See Wang Guofeng’s Immersive Pixelated Installations

The installation "probes" the system of image distribution in mainland China.

Wang Guofeng inside his site-specific installation at De Sarthe Beijing. Image: Courtesy of De Sarthe Gallery
Wang Guofeng inside his site-specific installation at De Sarthe Beijing.
Image: Courtesy of De Sarthe Gallery

Scrolling through endless Facebook and Instagram feeds gives internet users the illusion that we have access to any image we can imagine. Google street view allows us to tour the world without closing our laptops, and the proliferation of smartphones means we can document every waking moment in photo or video. Chinese artist Wang Guofeng’s two current shows, “Probe” at the De Sarthe Gallery Beijing, and “Probe II” at the De Sarthe Gallery Hong Kong slash that illusion, turning photographs sourced from the internet into pixelated abstractions.

Wang Guofeng, <i>Pixelated 2014 No.11</i> (2014) <br>Image: Courtesy of De Sarthe Gallery</br>

Wang Guofeng, Pixelated 2014 No.11 (2014)
Image: Courtesy of De Sarthe Gallery

Wang Guofeng appropriates images, but not with the banality of Jeff Koons or Richard Prince. Rather than a screenshot and an inkjet print, the artist found low-res images—the only kind available on mainland China’s free web—of Hong Kong protests and blew them up to render their pixels large squares, making the original images unrecognizable. The final work looks like a cross between a blurred-out naked body on network television, and a millennial update to an ancient Roman floor mosaic.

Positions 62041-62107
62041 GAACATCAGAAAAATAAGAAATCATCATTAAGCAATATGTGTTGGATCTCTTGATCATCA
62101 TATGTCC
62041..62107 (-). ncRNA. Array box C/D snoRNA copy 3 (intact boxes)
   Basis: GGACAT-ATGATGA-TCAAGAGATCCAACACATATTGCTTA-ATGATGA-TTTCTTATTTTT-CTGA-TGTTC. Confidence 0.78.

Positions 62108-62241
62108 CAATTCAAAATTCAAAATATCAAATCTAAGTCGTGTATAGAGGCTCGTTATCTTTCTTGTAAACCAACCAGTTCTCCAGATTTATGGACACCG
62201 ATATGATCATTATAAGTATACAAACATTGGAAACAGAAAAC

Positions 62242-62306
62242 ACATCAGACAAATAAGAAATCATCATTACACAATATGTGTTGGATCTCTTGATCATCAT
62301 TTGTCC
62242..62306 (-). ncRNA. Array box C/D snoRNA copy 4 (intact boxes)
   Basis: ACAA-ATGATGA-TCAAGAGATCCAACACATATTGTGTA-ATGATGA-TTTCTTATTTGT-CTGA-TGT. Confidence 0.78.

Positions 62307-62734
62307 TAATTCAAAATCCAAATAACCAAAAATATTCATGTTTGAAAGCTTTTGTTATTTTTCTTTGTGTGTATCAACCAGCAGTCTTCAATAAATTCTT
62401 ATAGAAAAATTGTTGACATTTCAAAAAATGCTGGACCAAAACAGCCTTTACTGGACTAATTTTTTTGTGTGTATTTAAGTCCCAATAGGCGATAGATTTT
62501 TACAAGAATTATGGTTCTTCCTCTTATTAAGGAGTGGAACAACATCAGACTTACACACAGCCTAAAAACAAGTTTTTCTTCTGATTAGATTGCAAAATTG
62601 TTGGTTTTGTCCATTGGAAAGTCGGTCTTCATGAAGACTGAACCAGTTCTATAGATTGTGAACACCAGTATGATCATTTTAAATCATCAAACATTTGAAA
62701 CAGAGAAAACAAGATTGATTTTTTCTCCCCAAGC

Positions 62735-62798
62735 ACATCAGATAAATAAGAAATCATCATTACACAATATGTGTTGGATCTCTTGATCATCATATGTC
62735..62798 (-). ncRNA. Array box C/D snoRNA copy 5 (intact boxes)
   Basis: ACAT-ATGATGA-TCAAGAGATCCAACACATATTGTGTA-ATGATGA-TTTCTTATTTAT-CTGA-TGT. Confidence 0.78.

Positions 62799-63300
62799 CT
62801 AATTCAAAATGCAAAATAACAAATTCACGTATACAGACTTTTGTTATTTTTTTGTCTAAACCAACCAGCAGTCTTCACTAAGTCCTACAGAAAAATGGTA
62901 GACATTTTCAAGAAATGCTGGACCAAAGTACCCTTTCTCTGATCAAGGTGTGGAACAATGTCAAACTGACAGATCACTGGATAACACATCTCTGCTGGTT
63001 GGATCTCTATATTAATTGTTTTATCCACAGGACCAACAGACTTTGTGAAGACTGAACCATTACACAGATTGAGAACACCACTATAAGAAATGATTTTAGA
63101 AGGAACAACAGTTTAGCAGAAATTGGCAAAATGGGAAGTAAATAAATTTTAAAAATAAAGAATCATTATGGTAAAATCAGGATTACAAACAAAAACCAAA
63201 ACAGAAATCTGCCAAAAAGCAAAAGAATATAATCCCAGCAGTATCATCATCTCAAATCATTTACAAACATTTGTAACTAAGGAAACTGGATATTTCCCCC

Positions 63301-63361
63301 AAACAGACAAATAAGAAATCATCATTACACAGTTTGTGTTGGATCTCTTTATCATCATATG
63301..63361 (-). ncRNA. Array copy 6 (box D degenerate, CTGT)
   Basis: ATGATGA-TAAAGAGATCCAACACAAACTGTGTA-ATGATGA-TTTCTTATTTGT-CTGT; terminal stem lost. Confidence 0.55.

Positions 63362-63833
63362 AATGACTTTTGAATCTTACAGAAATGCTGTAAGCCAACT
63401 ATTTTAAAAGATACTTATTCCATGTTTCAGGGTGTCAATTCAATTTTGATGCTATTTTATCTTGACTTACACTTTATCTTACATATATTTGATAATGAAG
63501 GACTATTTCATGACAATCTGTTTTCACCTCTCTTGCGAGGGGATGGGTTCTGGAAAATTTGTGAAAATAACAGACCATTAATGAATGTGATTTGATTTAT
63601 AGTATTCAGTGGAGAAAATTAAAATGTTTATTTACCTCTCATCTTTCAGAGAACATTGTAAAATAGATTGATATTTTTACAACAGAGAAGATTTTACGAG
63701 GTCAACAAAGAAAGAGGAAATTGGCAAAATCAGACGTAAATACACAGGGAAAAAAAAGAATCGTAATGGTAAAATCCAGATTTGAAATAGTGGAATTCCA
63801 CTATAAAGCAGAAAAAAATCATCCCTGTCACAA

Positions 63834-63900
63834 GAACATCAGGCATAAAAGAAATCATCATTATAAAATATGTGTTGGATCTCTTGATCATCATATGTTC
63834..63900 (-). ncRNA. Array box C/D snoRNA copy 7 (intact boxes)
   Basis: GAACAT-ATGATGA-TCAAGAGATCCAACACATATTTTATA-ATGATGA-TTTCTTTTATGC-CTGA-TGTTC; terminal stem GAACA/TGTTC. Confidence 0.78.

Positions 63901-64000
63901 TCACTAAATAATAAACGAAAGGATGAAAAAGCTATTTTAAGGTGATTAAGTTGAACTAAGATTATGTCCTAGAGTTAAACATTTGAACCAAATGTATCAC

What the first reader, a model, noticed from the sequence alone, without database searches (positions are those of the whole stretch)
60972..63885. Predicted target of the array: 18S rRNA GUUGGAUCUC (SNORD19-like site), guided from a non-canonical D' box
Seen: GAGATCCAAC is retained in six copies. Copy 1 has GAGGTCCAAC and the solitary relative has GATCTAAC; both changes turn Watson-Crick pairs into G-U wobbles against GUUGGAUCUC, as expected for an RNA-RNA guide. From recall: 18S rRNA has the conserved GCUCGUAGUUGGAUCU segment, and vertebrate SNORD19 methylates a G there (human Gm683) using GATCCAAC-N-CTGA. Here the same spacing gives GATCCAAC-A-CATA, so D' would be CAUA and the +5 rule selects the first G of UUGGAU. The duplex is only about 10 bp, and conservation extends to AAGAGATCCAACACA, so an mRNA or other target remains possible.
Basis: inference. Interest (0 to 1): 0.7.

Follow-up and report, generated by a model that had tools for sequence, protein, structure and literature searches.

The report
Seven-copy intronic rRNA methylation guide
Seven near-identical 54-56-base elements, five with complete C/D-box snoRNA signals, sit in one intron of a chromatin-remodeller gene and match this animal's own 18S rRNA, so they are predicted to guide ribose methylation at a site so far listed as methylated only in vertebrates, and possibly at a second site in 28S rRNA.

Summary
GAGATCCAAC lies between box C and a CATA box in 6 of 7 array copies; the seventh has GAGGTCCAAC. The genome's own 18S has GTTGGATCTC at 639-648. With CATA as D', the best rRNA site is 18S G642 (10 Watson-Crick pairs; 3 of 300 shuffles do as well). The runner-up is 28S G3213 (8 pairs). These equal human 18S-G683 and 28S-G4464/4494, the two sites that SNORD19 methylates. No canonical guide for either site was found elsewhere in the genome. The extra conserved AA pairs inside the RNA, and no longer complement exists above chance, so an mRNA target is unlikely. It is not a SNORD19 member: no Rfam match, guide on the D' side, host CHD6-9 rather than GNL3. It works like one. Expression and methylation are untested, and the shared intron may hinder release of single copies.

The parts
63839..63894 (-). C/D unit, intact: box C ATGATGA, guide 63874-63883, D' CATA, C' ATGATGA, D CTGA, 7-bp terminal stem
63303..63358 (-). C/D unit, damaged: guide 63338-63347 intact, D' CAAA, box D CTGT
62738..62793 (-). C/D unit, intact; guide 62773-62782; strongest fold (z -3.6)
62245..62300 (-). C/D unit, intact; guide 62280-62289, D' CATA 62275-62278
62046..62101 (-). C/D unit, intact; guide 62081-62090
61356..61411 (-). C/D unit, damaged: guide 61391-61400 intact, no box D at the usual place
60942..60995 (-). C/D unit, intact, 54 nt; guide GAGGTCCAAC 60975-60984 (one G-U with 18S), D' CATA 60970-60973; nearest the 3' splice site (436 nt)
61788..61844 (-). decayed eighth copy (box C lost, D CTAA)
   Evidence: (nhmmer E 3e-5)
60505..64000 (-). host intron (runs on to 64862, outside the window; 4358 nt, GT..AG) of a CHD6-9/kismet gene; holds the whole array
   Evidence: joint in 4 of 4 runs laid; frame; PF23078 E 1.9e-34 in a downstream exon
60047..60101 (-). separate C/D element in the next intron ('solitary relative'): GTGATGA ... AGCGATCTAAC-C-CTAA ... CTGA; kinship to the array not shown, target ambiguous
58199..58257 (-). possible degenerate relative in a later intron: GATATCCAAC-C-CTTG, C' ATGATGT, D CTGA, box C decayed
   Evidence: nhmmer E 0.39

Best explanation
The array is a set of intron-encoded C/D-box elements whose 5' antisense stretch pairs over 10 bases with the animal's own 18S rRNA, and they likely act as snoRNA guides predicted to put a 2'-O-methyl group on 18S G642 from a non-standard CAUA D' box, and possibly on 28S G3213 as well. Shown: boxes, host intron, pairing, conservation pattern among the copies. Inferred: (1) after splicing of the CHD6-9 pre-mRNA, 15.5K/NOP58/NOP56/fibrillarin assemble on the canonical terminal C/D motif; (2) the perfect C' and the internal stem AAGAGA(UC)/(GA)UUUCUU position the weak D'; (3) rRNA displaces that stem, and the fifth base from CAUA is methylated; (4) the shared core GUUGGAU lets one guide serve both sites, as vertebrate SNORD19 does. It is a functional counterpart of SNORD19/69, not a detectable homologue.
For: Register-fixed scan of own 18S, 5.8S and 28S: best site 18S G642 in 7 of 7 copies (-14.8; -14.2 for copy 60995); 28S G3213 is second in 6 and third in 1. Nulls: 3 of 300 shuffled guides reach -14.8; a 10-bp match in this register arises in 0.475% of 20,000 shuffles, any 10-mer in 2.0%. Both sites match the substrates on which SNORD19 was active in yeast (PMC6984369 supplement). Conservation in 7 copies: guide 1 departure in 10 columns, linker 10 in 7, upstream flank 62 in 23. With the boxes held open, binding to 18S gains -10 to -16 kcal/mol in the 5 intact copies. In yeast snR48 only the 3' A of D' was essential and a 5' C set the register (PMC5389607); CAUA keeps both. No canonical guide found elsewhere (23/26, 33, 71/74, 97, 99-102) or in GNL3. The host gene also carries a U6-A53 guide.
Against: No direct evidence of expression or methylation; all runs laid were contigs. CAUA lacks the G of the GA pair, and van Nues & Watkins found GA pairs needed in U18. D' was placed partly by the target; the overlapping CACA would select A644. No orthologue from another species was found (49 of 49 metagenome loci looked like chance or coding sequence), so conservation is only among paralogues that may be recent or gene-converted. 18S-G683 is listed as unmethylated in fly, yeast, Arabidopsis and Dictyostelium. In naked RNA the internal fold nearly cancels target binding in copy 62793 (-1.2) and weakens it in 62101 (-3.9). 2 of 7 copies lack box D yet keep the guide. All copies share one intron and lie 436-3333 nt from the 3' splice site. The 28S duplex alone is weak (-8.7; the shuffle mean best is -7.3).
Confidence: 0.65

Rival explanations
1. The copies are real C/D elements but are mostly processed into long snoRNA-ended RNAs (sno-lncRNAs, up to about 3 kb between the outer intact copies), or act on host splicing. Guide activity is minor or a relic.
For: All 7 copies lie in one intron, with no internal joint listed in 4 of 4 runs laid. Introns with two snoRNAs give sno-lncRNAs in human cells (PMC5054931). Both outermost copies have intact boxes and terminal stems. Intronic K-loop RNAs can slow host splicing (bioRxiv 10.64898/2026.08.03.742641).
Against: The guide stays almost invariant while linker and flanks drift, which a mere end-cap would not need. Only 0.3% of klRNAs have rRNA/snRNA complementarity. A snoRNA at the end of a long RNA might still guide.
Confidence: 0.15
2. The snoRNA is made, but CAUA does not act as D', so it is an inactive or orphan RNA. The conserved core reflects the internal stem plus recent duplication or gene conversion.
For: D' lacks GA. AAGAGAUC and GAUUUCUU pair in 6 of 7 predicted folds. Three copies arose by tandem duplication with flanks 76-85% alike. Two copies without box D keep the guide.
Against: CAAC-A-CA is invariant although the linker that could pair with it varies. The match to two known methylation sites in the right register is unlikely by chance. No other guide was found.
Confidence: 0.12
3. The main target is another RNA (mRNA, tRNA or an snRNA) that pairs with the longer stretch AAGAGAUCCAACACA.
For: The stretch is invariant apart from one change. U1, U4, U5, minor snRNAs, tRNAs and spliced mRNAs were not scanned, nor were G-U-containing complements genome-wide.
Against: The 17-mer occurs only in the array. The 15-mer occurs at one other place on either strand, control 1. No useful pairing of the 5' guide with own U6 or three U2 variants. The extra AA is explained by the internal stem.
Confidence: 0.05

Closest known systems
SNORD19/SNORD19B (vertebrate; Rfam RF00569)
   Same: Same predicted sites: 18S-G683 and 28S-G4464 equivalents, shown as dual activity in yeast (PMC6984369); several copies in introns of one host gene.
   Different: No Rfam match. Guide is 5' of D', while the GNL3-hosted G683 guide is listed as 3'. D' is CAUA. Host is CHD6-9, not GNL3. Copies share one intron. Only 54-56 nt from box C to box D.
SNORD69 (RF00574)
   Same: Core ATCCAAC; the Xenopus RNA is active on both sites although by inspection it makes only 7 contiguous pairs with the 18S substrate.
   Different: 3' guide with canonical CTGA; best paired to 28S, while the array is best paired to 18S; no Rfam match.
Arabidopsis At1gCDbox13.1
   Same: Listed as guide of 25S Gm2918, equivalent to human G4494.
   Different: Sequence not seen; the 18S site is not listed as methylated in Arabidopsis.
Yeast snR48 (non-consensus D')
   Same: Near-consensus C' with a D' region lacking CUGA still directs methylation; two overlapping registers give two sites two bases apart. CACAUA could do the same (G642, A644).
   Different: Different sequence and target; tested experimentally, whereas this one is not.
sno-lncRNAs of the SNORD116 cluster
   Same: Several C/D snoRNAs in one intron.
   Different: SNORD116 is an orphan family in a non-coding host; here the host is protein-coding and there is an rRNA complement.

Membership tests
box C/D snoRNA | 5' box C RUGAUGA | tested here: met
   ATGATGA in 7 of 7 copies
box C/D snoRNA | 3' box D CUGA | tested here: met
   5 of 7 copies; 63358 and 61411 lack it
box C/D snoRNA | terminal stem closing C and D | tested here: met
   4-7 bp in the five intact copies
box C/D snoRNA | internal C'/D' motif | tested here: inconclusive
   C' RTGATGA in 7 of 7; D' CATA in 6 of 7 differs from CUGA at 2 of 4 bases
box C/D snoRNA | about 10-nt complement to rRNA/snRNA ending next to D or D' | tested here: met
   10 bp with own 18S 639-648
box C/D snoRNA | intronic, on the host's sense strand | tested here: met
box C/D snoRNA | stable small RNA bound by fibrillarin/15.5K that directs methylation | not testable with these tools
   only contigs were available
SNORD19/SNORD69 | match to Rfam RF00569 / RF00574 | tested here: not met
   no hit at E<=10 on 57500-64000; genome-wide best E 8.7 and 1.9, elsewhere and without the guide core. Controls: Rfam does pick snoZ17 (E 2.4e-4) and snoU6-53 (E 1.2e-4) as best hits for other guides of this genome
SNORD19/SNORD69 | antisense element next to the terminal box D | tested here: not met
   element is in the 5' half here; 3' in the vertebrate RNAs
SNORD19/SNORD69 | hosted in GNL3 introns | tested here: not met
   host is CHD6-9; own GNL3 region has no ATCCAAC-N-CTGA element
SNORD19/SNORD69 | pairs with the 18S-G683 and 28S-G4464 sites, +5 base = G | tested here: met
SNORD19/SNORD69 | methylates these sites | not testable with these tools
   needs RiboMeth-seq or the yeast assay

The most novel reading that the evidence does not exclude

Installation view of Wang Guofeng's "Probe" (2015)<br>Image: Courtesy of De Sarthe Gallery</br>

Installation view of Wang Guofeng’s “Probe” (2015)
Image: Courtesy of De Sarthe Gallery

According to the press release, “[the artist] was inspired to work on the resolution of the image as a way to question the clarity of the information the pictures convey. He is using images charged with meaning and taking away the ability to read that meaning, putting the image itself as a concept the center of his approach.”

Wang Guofeng, <i>Pixelated 2014 No. 6</i> (2014)<br>Image: Courtesy of De Sarthe Gallery</br>

Wang Guofeng, Pixelated 2014 No. 6 (2014)
Image: Courtesy of De Sarthe Gallery

The images are intentionally blurred to the point of unrecognizability, and they become a spatially confusing, digitally-beautiful immersive environment. Aside from literally blurring the found images, the aesthetic pull of the works blurs the political meaning, too. With such potential to “Probe” the distribution, censorship, and access to politically-loaded images, it would be a shame for a viewer to miss the content entirely because they were distracted by the pretty colors.

 


Follow artnet News on Facebook:


Want to stay ahead of the art world? Subscribe to our newsletter to get the breaking news, eye-opening interviews, and incisive critical takes that drive the conversation forward.

Share

Article topics